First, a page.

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cinecitta studios

La Dolce Cinecittà

On the outskirts of Rome lies Cinecittà, the biggest movie studio in mainland Europe. Launched in 1937 as a propaganda factory for Mussolini, it later became a playground for some of the most stylish and iconic filmmakers in history: Sergio Leone shot spaghetti westerns there; Fellini called it his “temple of dreams.” More recently, it was home to Scorsese's "Gangs of New York." Usually, cinephiles can only get a peek at Cinecitta’s storied campus via private group tours—not easy to arrange for the average tourist—but through November 30th, the studio’s gates are open to the general public for the first time. The main attraction is an exhibit of Cinecittà memorabilia, but I was just as interested in the studio itself: A prime example of WWII-era modernist architecture.
November 7, 2011
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Friday Finds 10.21.11

This week, the Dwell office was abuzz with saxophone playing KJs, Star Trek the Next Generation, vintage design finds, babies who confused magazines with iPads, and the new Tom Waits record. Scroll down to see what else has been on our minds.
October 21, 2011

Movie Posters of Soy Cuba

If movie posters are essentially advertisements to get you into the theater, the Hollywood versions splashed with matinee-idol close-ups and 100-point typefaces, then the moody, highly graphic design on display in the new book Soy Cuba: Cuban Cinema Posters from After the Revolution is a queer kind of commercial indeed. The posters reprinted here seem less interested in packing the house than functioning as small, playfully abstracted works of art in and of themselves. They hail from the late 1950s through the 1970s and taken as a whole they seems to suggest a parallel universe of movie posters untethered from a commercial drive, floating somewhere closer to book jacket design or museum-worthy art posters. Have a look at our slideshow for an excellent preview of what's inside Soy Cuba. The book is out at the end of the month from Trilce Ediciones.
October 6, 2011
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Friday Finds 7.29.11

Wonder what all the Dwellerz have we been checking out on the interwebz this week? Scroll down to through Friday Findz to uncover what we saw.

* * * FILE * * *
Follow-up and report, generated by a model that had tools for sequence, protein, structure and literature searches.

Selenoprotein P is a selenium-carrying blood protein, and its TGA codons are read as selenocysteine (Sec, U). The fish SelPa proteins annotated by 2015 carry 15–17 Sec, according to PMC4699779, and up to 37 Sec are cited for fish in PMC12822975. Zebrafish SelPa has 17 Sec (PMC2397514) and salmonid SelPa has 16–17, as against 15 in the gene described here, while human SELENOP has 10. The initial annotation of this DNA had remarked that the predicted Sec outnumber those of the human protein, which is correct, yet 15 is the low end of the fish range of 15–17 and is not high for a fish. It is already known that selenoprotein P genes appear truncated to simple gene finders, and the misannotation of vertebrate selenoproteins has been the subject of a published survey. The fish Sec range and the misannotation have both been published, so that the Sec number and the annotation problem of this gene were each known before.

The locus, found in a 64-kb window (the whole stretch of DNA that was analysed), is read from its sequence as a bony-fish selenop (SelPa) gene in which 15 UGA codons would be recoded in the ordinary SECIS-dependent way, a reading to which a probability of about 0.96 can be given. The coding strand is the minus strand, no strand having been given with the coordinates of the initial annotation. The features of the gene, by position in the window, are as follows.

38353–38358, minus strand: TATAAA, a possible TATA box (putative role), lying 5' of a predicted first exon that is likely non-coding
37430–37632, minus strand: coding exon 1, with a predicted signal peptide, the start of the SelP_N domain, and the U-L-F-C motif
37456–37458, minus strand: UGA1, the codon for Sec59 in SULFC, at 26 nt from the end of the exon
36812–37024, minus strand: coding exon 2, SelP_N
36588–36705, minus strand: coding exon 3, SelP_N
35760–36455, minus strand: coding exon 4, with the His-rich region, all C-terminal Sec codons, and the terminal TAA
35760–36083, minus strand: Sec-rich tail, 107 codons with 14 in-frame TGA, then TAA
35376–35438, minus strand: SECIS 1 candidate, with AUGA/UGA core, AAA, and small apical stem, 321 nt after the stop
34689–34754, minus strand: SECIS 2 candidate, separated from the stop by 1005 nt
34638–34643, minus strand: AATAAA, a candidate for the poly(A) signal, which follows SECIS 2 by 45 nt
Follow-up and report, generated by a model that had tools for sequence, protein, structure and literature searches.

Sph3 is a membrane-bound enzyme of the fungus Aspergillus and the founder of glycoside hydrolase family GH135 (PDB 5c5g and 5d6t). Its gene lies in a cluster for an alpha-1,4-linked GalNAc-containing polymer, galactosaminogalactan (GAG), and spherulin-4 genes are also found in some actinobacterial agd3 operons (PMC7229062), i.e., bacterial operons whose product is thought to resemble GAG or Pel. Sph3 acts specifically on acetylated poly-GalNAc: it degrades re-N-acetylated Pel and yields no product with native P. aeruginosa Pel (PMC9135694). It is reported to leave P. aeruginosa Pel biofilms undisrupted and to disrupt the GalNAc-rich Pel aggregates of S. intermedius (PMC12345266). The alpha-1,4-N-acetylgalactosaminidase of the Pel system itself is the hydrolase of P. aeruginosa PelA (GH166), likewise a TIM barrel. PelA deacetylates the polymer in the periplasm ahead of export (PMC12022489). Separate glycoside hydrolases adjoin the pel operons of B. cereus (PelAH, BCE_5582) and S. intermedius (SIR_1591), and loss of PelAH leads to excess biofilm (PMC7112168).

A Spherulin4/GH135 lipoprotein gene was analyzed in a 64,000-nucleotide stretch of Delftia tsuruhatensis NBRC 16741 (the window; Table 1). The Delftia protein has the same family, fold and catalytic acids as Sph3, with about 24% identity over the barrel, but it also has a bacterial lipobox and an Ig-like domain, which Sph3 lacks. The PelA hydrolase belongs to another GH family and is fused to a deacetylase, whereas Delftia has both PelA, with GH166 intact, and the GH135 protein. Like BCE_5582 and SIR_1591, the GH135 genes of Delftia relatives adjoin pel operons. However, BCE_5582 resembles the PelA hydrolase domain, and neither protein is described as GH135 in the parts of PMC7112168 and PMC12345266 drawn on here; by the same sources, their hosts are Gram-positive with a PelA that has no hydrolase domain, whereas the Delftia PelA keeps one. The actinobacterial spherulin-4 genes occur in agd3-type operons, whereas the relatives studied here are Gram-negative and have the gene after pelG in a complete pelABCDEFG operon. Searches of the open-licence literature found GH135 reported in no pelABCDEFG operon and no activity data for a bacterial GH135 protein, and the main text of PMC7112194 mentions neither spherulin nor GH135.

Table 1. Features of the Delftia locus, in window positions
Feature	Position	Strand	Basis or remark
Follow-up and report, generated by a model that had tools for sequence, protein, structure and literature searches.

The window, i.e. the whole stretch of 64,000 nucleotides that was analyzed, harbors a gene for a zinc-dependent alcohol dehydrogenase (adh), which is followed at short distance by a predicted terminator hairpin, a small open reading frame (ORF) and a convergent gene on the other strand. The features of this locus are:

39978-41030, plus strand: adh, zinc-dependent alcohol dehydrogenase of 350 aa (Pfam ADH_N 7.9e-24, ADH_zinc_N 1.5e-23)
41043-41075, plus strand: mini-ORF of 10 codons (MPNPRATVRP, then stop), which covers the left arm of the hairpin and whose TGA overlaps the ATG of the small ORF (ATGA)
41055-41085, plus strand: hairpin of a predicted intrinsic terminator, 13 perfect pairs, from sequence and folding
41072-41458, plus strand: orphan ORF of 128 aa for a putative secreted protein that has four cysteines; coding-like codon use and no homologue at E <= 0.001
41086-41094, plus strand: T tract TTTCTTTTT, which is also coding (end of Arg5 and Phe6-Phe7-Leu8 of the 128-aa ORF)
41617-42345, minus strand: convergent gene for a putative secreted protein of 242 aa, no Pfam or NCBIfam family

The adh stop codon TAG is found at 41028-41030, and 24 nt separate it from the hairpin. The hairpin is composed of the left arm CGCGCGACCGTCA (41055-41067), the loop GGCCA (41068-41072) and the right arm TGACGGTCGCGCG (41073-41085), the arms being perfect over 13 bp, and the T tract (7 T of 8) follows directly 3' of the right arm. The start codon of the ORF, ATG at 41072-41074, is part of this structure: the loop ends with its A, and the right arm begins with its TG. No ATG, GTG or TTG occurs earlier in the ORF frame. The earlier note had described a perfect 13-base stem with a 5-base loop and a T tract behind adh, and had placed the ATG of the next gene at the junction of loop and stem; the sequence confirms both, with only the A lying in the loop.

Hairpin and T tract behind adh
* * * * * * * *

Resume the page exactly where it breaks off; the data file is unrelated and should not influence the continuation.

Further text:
July 29, 2011
One Week

Prefab Slapstick in One Week

I was in the process of researching a big prefab round-up story this week when I came across what might be the only prefab slapstick comedy in existence. A good three decade's before Jacque Tati's M. Hulot bumbled his way through the modern world, Buster Keaton played a luckless newlywed trying to build a kit home in One Week (1920). Build-it-by-the-numbers kit homes had come onto the market at the turn of the century—Sears Roebuck & Co. introduced theirs in 1908—so Keaton was playing with a newish mode of American housing. As you might expect, things go terribly wrong for our hero, not least of which because his building materials get all mixed up. You can see the 19-minute film in the two videos posted below.
July 25, 2011
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Building the Maxon House: Week 20

In our latest Backstory series, Seattleite Lou Maxon recounts the thrills and trials of ditching the suburbs, buying property, and designing and building a modern house with Tom Kundig of Olson Kundig Architects. Week 20: Sneak Preview: Maxon House Documentary Film Series.   Kontent Partners is a Seattle/L.A./New York-based creative production company and the filmmakers and producers behind the Maxon House documentary film series. In Week 20 of our Maxon House blog, Kontent Partners and Maxon House director Craig Brooks share the second in a series of film trailers for the upcoming series. Like the blog, this trailer (and series in progress) offers a sneak peek into the real-life process of designing, concepting and ultimately building a modern dwelling for a family of five. With this documentary, Kontent Partners celebrates the individual stories of the designers, contractors, subcontractors, artisans and craftspeople that have had a critical hand in the ultimate creation of Maxon House.
July 20, 2011
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'Woodstock Trees' by Sebastian Mariscal

We here at Dwell are big fans of Sebastian Mariscal's work; we've featured his projects in the magazine several times over the years (see here and here) and have an amazing house he designed in southern California for a Japanese couple in our upcoming September 2011 issue, which hits newsstands August 2nd. So I was intrigued to receive a notice that he'd made a video, "Woodstock Trees," to illustrate a recent project he was working on, a vacation house in Woodstock, New York.
July 4, 2011
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Unseen Eames: Films from the Vault

One of the events I'm most excited about at this year's Dwell on Design is Unseen Eames, a half-hour screening of rare and little-seen films from the Eames family archive at 4:00 pm on Friday June 24th on the Design Innovation Stage.
June 21, 2011
Caption: This giant set was created to film scenes for the 1987 movie <i>The Gate</i>

Friday Finds 6.10.11

On this Friday, catch a glimpse of what our editors have been raving about all week. The longest hug in MTV history (rumor has it they're STILL hugging), animated renditions of the best television series know to man (no bias here!), a guitarist who seeks stop "aimless knob-twiddling" (insert the obvious remark here), and a video of babies whose motions are akin to those in an inebriated state. Enjoy!
June 10, 2011